By KURT MCVEY March, 2019
“May 2, 2018: A group of 20 students and faculty enter the room quickly and observe 20 watercolor paintings on the walls, and sit on the floor.”
This is the scene-setting, opening text to NYU graduate student and artist Thomas Ray Willis’ strange and highly captivating “NYU MFA Art Critique,” a 57-page transcript of this age old, art-academia right of passage, as observed and recorded by Samuel Hittin, a professional courtroom stenographer Willis hired specifically for this fascinating experiment.
“Are you part of the show?” asks the anonymous Speaker 1, who, as you might have guessed, was the first person to talk, if not the first to observe Mr. Hittin, this otherwise foreign body, lurking unannounced in what Willis' class most-likely assumed would be a closed and intimate ceremony, where their freely expressed thoughts and critiques, however harsh, would be theirs and theirs alone, set to vibrate, resonate and dissipate in an unspecified studio at 34 Stuyvesant Street in New York City, and possibly their hearts and minds thereafter, in Willis’ most importantly and enduringly perhaps.
“This is a recording?” asks Speaker 2.
“Yeah, there’s a note taker here taking notes for me,” Willis adds somewhat nonchalantly, a tone he impressively maintains throughout the crit. “I’m just curious to hear what you guys see or what you think you’re seeing before I explain everything.”
And so begins one of the more fascinating conceptual and clearly performative art experiments to come across this writer’s desk in quite some time. What follows, as recorded in the transcript, which was ultimately printed and packaged in book format and launched for sale at the non-profit Chelsea bookstore, Printed Matter, on March 8th, is a compelling group interrogation of art criticism itself and a hyperaware exploration of personal accountability for one’s opinions and statements, especially with the (correct) presumption that they might be rendered in permanent ink and made public down the road.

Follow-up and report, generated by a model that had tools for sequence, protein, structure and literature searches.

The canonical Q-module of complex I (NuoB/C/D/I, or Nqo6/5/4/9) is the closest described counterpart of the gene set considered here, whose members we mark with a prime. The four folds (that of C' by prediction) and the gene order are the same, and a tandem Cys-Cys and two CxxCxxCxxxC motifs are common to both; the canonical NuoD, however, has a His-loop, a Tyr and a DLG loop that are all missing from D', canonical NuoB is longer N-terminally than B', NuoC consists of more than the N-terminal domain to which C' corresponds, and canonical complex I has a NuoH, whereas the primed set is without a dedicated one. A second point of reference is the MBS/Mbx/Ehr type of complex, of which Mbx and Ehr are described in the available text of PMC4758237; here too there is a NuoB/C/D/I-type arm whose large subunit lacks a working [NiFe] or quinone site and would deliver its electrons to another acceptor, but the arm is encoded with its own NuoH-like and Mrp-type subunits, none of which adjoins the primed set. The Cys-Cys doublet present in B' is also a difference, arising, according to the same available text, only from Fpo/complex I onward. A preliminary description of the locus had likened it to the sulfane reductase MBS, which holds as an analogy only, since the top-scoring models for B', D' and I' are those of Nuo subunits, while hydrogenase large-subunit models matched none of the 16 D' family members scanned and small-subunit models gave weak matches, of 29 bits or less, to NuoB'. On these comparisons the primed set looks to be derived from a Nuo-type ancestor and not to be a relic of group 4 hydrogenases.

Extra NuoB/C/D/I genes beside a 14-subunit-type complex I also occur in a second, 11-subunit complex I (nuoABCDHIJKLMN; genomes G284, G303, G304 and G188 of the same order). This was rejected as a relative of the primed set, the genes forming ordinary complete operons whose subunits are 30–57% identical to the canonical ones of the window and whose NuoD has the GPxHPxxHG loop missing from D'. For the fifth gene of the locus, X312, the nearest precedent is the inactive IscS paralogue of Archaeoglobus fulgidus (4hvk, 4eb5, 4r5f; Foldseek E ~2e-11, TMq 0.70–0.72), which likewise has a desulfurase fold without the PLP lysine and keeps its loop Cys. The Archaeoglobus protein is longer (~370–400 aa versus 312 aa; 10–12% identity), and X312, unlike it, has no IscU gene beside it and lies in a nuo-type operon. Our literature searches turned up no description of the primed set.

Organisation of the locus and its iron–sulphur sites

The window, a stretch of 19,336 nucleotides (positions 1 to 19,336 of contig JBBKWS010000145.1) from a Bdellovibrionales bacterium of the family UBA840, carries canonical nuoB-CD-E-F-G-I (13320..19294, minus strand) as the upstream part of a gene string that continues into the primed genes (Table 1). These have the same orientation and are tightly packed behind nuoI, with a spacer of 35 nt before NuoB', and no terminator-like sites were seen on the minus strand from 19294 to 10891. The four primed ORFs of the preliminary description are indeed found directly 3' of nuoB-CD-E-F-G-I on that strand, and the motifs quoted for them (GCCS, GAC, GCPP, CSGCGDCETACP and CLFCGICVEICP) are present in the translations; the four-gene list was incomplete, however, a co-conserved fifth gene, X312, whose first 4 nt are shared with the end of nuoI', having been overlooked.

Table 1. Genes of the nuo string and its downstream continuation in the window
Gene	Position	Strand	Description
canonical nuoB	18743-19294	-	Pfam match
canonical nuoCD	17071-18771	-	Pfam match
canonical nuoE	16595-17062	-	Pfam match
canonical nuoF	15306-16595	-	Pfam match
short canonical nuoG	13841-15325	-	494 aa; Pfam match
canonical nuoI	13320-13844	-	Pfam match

The experiment more than touches on the problem of consent, and therefore, may stand as a commentary on mass surveillance and data collection. It also disrupts the written and unwritten rules of art world etiquette. It’s about cognitive and empathetic dissonance, as it quickly expands into a deconstruction of the veracity, authenticity and fallibility of one’s potentially unbridled critiques outside of the most micro of echo chambers (the art classroom/studio); of course, an idea that can be exponentially scaled up well past the elitist, sharp-tongued, oft-ruthless New York art world silo, onward to global proportions in this interconnected and highly critical social media age of grossly removed, armchair dog-piling mobs and even fickler safe spaces. It’s an analogue, wake-up-slap to the face.
“I think that as soon as I know what I’m saying is being etched or like recorded, that I am aware of what I’m saying in my conversation or at least formulating thoughts,” offers the painfully hyperaware Speaker 4, shaken up and suddenly naked, as if he, she, or they, iPhone or not, were only just becoming sentient, like one of God’s naughty children.
“It’s anonymous right?” Asks Speaker 5.
It’s not surprising that some of the students in Willis’ class react rather defensively to the presence of the stenographer. “…Like I’m incredibly uncomfortable with this happening,” admits Speaker 1, before later noting: “Because these are so intimate (the paintings), they reveal so much about you, and so doing this, presenting that, you’re shifting this same vulnerability back on us, which kind of freaks me out.”
Even more perturbed are the classmates who quickly understand, whether they like it or not, that they are now part of, as Speaker 5 suggests, “a good idea;” something special, something clever, something inspired. What’s more infuriating than this?
“Because it sort of feels like you’re bullshitting us,” adds Speaker 6. “…Everything was leading me to decide that this is part of like a whatever, ‘experiment’ that you’re trying on us or whatever, and maybe it is, maybe it is not. It is what it is.”